Northwestern finished the first half just 7-for-27, making only one field goal on 11 attempts the final 7:44 and .677 points per possession. Showalter beat himself up for his defense on Bryant McIntosh the first time around but can walk away feeling good holding the junior to 2-for-8 in the first half and only 2-for-4 in the second half.
“Last game I was not happy, but I watched the film and saw some of the things that he was trying to do and I could have done better,” Showalter said. “My teammates really did a great job being there when he came around a ball screen and had advantage on me, just being there, contesting him and not letting him get any easy looks.”
Wisconsin also was excellent in cutting off passing lanes, limiting Northwestern to only one assist through the first 32 minutes and five for the game.
Missing the regular season meeting while recovering from mononucleosis, Scottie Lindsey scored 16 on 5-for-10 shooting, but he was the only Wildcats player in double figures and the only one to shoot over 43 percent from the field. The Wildcats finished 18-for-52 (34.6 percent) from the field and 3-for-14 from 3-point range (21.4 percent).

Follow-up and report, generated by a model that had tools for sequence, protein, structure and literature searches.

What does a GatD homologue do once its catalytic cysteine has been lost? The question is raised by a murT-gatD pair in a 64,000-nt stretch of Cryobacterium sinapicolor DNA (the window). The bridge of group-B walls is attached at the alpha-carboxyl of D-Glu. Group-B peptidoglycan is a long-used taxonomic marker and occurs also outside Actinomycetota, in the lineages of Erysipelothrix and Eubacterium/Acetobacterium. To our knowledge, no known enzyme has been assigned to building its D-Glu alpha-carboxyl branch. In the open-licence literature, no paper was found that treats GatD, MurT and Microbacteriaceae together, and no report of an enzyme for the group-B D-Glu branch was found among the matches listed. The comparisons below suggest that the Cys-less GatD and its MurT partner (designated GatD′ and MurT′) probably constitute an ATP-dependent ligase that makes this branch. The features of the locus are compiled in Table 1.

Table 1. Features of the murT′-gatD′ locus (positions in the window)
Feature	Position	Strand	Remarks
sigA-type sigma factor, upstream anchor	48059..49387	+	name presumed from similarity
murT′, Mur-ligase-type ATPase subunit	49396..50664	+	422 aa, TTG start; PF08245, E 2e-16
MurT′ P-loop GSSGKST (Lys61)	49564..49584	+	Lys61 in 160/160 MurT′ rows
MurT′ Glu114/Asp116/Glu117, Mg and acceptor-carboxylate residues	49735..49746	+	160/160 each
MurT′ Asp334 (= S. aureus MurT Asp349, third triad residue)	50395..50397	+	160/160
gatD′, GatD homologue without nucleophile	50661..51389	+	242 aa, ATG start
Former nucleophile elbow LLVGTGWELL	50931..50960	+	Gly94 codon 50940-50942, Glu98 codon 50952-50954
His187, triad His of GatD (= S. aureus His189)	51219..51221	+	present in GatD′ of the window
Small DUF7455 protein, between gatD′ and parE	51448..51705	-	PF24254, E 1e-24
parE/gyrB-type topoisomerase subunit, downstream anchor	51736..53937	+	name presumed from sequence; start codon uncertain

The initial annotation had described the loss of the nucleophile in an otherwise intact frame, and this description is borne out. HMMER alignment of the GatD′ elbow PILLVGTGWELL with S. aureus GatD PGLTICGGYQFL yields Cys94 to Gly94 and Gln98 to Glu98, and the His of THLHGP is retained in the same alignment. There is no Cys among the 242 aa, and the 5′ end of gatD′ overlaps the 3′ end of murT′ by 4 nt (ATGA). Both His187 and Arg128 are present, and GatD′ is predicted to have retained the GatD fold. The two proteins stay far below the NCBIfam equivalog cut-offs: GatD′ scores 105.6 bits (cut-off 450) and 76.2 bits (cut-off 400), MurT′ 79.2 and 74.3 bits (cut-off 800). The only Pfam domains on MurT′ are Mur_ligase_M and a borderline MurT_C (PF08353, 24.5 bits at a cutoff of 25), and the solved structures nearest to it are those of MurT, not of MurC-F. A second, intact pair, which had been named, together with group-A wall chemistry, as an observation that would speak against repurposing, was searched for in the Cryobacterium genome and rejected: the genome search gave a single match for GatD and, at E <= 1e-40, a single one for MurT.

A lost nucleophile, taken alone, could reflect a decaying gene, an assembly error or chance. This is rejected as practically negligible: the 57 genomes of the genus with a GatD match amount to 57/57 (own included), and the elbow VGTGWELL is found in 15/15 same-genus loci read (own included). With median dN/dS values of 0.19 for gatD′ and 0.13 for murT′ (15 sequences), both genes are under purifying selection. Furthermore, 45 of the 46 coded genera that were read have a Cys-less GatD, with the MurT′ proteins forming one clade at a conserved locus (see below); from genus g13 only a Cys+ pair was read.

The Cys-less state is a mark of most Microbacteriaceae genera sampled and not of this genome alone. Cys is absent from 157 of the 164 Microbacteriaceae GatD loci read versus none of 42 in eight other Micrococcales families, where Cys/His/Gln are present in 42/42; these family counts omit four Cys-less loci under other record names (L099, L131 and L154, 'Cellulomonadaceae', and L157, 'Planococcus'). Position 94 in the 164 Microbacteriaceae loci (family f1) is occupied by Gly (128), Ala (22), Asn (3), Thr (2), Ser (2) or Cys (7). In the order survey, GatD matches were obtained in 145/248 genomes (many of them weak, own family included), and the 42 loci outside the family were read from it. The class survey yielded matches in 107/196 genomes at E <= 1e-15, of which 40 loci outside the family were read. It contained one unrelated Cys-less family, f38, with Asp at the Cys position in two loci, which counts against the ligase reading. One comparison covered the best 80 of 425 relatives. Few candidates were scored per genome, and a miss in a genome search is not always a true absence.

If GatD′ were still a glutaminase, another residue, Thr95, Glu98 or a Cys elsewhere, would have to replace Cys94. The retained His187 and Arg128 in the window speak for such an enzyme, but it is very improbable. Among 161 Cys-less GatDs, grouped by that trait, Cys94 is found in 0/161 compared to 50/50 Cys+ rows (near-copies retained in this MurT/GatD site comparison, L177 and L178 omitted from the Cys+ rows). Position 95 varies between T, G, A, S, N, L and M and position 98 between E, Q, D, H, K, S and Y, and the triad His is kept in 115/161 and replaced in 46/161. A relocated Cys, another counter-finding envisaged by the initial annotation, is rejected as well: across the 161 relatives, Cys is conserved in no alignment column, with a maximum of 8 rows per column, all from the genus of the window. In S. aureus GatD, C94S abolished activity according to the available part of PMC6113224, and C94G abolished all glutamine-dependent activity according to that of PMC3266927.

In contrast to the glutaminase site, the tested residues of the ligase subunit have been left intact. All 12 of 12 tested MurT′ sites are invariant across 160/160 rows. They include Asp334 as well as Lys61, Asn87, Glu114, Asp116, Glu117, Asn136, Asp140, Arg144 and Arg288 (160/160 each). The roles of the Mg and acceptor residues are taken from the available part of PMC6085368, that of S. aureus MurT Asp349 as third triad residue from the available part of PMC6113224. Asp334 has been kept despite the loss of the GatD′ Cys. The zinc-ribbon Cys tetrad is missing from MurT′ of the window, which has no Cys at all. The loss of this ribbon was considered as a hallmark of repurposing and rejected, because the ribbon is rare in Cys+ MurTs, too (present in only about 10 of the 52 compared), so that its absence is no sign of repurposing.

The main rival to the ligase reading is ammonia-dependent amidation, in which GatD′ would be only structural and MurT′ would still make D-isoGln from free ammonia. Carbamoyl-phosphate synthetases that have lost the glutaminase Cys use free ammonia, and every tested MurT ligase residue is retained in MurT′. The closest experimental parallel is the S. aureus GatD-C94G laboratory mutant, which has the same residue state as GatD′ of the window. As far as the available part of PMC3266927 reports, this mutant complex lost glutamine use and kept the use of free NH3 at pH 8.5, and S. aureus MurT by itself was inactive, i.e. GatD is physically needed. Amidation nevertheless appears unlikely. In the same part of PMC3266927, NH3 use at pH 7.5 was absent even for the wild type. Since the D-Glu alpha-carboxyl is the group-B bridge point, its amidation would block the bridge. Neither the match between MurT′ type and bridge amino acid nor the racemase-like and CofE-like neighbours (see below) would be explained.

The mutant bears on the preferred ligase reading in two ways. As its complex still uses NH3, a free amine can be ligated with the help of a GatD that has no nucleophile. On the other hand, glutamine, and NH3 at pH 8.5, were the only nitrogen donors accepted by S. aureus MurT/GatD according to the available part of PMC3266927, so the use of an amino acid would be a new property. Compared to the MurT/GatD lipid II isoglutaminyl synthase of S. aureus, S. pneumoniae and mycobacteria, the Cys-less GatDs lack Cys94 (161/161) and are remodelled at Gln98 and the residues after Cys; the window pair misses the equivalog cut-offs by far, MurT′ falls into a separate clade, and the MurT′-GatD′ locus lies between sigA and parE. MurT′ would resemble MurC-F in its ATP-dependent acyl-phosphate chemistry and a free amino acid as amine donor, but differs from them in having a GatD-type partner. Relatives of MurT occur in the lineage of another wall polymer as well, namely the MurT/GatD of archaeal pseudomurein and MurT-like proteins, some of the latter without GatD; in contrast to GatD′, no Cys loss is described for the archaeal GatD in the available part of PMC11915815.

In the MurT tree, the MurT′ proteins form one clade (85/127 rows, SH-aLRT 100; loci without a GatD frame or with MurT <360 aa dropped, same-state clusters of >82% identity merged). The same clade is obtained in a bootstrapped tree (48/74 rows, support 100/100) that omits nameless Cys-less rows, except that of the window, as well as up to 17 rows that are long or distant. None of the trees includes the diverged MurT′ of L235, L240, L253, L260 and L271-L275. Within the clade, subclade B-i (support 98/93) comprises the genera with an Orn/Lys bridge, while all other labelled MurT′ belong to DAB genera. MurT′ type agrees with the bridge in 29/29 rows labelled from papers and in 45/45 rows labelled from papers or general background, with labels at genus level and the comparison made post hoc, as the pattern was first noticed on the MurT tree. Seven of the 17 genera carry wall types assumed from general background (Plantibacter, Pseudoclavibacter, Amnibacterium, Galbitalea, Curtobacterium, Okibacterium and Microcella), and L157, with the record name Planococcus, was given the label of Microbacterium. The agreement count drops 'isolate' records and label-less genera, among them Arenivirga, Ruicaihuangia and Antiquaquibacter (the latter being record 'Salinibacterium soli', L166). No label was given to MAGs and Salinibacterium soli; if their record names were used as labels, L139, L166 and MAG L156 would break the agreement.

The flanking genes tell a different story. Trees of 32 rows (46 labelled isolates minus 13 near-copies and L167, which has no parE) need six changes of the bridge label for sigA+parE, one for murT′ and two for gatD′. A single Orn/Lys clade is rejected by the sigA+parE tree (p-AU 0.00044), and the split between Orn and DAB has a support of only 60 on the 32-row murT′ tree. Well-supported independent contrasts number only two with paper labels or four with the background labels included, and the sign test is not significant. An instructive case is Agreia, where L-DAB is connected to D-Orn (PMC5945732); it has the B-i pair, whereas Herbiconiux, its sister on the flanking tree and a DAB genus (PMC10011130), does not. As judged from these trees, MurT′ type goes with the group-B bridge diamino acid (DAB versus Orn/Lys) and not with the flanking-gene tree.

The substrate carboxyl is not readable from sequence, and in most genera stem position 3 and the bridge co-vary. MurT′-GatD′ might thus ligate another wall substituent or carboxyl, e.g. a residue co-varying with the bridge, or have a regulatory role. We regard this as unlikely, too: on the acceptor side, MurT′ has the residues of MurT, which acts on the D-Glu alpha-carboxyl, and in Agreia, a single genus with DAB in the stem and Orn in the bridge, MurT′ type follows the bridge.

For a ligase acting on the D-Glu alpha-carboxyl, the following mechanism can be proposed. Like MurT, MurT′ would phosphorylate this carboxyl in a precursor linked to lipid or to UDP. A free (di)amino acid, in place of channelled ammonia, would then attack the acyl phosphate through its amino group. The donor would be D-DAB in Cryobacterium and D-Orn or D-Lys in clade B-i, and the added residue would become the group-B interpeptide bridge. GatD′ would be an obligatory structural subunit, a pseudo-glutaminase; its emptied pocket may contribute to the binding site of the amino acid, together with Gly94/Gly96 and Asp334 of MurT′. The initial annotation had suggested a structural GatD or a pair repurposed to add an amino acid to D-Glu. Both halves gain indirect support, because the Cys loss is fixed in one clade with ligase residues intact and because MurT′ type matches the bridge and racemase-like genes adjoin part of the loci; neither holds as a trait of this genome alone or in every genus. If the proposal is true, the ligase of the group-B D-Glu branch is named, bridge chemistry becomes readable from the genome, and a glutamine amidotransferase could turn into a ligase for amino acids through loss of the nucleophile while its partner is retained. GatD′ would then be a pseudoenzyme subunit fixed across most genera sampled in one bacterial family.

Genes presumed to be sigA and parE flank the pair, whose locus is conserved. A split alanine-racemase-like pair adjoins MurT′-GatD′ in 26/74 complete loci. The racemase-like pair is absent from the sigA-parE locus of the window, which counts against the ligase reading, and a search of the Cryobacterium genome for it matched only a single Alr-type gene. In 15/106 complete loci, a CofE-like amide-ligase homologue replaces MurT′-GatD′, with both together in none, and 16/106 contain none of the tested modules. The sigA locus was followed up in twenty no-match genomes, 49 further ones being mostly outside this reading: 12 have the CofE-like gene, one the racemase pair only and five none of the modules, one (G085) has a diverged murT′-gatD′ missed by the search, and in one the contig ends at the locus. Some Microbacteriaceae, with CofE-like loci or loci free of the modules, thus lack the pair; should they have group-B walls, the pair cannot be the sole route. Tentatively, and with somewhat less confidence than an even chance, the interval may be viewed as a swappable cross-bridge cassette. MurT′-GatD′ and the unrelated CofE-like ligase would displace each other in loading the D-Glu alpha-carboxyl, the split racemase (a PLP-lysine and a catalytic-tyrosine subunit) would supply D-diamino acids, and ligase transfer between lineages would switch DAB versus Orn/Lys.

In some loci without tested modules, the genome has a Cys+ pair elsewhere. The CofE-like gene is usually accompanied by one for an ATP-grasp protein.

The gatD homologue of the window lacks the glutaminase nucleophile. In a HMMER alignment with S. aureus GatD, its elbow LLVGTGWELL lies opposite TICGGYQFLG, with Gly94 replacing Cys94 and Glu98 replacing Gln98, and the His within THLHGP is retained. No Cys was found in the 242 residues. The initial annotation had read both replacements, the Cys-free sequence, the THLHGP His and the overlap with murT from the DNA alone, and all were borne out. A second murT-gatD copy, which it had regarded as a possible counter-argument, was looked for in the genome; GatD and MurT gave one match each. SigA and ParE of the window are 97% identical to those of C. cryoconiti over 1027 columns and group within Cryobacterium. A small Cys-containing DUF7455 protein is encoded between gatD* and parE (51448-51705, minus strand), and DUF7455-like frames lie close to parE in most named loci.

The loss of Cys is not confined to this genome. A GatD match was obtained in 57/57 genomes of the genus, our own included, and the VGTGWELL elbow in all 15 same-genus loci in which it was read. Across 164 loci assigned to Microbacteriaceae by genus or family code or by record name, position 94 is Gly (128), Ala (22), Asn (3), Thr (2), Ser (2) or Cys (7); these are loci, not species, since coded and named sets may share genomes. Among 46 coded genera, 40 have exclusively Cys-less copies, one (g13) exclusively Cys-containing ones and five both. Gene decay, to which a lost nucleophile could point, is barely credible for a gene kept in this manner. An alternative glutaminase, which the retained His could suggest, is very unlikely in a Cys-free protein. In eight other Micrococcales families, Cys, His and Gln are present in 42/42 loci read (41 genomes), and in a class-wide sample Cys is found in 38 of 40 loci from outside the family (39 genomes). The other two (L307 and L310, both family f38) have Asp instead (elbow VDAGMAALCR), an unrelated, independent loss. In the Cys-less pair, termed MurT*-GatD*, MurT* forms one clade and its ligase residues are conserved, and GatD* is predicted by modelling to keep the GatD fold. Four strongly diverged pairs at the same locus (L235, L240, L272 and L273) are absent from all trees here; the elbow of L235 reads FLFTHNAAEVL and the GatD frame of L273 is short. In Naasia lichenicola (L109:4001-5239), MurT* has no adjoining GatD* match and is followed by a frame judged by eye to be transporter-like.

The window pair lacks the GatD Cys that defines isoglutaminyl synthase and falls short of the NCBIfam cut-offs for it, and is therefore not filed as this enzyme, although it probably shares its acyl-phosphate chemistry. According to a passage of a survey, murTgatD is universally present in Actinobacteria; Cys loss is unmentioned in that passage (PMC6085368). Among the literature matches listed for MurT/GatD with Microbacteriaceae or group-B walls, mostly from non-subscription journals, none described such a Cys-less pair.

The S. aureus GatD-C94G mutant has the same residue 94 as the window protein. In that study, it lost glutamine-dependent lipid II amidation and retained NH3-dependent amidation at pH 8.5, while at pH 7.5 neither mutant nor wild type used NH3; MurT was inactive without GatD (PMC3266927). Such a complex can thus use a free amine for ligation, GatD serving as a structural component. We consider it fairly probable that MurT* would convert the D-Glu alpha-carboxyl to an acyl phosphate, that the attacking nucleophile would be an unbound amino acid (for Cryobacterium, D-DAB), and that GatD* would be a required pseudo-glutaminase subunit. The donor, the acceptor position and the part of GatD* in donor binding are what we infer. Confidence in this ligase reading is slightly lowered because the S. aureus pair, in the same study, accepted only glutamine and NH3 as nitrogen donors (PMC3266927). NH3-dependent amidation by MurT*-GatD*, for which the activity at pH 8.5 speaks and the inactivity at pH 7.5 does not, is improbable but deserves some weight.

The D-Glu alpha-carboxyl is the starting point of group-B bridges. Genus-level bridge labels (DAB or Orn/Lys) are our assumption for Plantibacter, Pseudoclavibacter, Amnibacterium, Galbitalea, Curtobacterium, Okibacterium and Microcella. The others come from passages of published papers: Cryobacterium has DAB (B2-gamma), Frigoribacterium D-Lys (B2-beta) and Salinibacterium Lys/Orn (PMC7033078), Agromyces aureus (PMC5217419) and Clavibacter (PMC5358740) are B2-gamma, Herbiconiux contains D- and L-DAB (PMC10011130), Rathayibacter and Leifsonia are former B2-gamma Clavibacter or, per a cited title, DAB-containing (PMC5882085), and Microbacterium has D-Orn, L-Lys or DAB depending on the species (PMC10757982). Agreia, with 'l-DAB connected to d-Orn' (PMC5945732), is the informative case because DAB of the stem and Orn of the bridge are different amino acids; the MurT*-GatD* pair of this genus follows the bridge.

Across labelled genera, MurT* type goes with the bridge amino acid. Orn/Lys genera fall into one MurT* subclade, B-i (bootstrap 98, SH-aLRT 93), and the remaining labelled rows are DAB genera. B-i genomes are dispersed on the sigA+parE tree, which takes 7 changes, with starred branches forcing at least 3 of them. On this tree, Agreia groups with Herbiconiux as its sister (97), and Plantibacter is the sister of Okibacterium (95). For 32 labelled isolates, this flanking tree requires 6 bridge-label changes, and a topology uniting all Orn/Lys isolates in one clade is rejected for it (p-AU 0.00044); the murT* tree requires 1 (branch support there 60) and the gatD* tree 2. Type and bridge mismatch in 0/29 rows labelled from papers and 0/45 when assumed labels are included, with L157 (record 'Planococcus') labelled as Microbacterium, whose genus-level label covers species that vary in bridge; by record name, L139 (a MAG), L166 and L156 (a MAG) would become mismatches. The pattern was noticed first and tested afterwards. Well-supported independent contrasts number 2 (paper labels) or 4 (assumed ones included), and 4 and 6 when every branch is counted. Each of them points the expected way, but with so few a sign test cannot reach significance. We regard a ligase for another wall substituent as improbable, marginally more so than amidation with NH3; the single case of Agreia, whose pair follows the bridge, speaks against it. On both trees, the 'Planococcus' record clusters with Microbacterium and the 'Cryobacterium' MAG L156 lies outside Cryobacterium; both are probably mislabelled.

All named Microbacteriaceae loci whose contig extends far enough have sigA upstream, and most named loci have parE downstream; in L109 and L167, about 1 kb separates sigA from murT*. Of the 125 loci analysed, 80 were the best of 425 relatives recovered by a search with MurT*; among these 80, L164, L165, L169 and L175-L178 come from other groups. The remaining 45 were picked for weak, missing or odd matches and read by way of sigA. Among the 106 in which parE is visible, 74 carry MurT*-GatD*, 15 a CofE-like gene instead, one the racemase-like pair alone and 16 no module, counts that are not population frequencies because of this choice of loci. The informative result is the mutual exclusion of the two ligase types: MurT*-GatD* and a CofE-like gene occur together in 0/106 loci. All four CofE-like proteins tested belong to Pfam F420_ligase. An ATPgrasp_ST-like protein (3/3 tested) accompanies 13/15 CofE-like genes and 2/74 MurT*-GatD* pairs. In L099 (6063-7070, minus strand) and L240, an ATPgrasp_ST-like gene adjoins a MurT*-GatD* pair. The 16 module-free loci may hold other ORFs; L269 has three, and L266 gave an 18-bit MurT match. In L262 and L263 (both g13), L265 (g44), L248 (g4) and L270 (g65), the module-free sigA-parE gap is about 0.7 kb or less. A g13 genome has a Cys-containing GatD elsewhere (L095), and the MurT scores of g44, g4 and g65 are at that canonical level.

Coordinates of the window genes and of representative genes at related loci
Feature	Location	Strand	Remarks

Wisconsin turned 12 turnovers into 11 points, held the Wildcats to only two second-chance points and limited Northwestern to seven second-chance points (two in the second half) off eight offensive rebounds.
“It’s the right time of the year to be playing like that,” Wisconsin head coach Greg Gard said. “We’ll continue to try to get better. We never lost faith in what we were doing, lost hope. It’s just a matter of, ‘let’s do what we do better.’ There weren’t any radical changes, anything outside the box. It was just let’s get back to doing what we do really well.”